Blog 1. Change and technology

So it’s changing.   So what?

So what?  I see the world changing, largely due to technologies that few people understand and even fewer feel empowered to control. The world has always been changing, but now the rate of change is proportional to the sum of all changes that have occurred before. That’s what we mean by the term, “exponential,” a term used so often in the media that it is accepted as meaning “large,” without the understanding that it means larger than large.  The purpose of these pages is to offer an analytical review of where we’ve come, and where we’re going, and why. The WHY is embedded in the unnoticed rules by which humans affect each other. Understanding the rules by which the individual parts affect each other—that’s the key to understanding and to controlling complex systems, about which these pages will say more.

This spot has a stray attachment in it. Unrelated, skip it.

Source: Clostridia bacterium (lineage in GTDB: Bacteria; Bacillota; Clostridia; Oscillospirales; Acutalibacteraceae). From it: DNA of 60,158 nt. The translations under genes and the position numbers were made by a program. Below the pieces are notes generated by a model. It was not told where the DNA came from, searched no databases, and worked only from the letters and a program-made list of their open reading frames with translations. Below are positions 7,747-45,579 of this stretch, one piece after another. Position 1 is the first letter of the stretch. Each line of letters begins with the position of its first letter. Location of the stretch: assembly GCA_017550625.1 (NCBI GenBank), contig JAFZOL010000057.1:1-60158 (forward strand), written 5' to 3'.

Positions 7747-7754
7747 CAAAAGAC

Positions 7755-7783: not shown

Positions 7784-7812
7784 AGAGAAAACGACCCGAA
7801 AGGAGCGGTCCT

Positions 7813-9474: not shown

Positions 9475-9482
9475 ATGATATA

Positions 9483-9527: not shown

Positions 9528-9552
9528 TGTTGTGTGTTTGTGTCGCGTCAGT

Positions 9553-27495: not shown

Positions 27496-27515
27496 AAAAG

Illiterate society?

Yes, population, commerce, interconnectedness, geopolitics, land development, and knowledge are all changing—but these changes are largely the result of expanding technologies: agriculture, machines, transportation, communication. Unfortunately, we have a technologically illiterate society in which the average individual feels alienated or helpless in the face of forces he cannot see, understand, or influence.  About half of the people believe early humans lived near the same time as the dinosaurs; most cannot define a molecule; a majority lacks a clear understanding of the scientific process; and many do not distinguish scientific facts on climate change from political opinion. Is it necessary to be an expert in a technology to understand it or to control it?  Are we doomed to become a technical heteronomy—a place where existence is subordinate to the exigencies of our tools?  We’re getting close.